1. Tasers, Drones, and Cold Chicken: Inside The Multibillion-Dollar Business Of Keeping Me Out Of America — BuzzFeed News

Charles Ommanney/Reportage by Getty Images

My family emigrated from Mexico when I was young. Now an American citizen, I went to the 2014 Border Security Expo in Phoenix, where the newest military technology meant to target people like us is part of a booming industry. Read it at BuzzFeed News.

2. The DisappearedCalifornia Sunday Magazine

Illustrations by Clay Rodery for California Sunday Magazine

A must-read story, available in both English and Spanish, by John Gibler about the 43 students who went missing in Iguala, Mexico this fall. “Although it was neither an isolated event nor the largest massacre in recent years, what occurred in Iguala has struck at the core of Mexican society.” Read it at California Sunday Magazine.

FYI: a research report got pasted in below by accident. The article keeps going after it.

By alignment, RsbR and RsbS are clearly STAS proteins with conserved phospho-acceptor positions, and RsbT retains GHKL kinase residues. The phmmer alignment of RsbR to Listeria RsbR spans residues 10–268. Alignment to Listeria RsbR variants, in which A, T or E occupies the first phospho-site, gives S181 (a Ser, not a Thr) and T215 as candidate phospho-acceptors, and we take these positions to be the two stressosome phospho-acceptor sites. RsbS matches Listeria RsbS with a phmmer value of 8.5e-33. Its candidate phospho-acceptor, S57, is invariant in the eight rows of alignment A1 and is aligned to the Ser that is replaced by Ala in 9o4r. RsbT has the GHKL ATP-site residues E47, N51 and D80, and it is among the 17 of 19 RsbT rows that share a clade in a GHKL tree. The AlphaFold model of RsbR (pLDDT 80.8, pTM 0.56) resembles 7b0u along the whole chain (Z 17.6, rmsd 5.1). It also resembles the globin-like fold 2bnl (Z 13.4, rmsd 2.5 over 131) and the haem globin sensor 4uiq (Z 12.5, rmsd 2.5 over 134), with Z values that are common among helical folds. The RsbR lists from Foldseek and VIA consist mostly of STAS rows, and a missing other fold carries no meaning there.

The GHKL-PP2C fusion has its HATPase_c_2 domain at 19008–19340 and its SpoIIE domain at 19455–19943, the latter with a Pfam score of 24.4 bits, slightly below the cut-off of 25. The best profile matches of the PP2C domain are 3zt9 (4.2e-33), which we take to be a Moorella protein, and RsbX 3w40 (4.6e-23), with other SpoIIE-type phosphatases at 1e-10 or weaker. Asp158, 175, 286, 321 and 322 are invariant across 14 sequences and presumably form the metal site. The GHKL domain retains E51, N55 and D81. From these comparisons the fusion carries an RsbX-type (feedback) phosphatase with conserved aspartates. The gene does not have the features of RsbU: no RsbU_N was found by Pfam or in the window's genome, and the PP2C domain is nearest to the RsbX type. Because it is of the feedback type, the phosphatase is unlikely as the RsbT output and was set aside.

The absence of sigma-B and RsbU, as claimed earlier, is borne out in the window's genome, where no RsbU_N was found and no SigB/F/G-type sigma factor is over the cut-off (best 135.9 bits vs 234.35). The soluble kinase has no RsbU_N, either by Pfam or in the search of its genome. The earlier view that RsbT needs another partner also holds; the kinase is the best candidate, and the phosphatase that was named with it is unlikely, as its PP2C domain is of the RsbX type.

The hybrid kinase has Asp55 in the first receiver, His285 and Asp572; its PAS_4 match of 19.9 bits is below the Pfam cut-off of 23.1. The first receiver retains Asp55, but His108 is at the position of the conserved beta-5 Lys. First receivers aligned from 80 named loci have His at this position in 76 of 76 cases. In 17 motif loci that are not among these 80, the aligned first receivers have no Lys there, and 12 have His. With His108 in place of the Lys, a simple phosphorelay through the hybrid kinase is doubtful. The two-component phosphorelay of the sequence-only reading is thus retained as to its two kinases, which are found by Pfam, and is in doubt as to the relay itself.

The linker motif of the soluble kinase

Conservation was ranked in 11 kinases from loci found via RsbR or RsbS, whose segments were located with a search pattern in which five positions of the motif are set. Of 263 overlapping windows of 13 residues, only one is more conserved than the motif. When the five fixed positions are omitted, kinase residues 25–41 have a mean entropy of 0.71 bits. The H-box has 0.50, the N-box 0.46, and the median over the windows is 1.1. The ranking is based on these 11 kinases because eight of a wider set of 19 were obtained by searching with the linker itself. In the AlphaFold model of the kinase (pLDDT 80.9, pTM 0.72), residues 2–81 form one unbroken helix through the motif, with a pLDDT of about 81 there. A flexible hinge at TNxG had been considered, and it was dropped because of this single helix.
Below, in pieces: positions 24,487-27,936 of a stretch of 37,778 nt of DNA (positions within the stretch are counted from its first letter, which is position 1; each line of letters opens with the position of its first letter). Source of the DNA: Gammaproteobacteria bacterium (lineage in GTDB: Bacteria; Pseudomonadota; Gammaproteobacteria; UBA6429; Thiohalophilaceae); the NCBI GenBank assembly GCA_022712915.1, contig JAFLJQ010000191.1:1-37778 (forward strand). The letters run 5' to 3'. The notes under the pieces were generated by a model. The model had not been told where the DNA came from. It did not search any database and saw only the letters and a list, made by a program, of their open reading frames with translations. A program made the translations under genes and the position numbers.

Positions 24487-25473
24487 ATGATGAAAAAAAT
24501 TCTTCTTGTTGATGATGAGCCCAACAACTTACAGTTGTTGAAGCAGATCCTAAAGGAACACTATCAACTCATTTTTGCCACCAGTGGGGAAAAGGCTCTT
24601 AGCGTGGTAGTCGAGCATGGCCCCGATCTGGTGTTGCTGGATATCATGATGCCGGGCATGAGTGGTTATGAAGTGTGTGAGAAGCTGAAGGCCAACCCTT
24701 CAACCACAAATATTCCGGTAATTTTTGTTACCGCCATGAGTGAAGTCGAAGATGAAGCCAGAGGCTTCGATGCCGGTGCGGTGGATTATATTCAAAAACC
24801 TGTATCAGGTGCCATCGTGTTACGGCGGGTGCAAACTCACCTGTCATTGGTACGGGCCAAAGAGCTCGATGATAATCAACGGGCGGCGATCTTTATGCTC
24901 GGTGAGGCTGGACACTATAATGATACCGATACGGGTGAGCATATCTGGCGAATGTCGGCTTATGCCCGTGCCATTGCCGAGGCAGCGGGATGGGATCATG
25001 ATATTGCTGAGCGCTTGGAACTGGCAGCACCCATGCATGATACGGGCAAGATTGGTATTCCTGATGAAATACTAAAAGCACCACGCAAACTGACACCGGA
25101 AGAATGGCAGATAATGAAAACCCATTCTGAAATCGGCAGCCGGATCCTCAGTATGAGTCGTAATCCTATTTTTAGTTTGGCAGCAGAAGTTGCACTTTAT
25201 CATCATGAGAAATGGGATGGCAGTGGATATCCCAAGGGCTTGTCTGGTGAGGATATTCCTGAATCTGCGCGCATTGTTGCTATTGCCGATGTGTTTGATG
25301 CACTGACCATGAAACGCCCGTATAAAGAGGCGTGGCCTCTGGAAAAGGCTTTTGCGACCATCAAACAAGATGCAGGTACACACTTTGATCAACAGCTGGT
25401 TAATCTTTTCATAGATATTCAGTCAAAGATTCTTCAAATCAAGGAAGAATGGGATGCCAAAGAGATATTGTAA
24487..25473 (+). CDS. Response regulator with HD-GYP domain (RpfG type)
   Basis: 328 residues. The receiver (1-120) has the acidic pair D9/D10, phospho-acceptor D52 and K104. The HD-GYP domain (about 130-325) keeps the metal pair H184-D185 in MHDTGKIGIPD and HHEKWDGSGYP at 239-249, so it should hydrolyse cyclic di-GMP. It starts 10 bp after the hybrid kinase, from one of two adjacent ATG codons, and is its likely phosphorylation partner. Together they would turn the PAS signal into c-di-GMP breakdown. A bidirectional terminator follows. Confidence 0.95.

3. Is A Georgia Prison Trying To Cover Up The Rape Of A Transgender Woman? — BuzzFeed News

Photograph by Matt Odom for BuzzFeed News

Zahara Green’s recent lawsuit against prison officials may reveal how the state is failing to protect transgender people — or even recognize them. Jessica Testa reports. Read it at BuzzFeed News.

4. The Zen Predator of the Upper East SideThe Atlantic

Mark Oppenheimer unpacks a sex scandal and its ramifications in the wider American Buddhist scene: “The many Zen Buddhists inclined to side with Eido Shimano will argue that, unlike in Judaism or Christianity, in Buddhism there is no specific sexual prohibition against fornication, or promiscuity, or adultery.” Read it at The Atlantic.

5. The Case of the Missing Wage Thief — BuzzFeed News

Jon Premosch / BuzzFeed

David Noriega brings the story of a restaurant company that was ordered to pay millions in back wages to mostly immigrant workers — and then disappeared. Such situations are not uncommon. Read it at BuzzFeed News.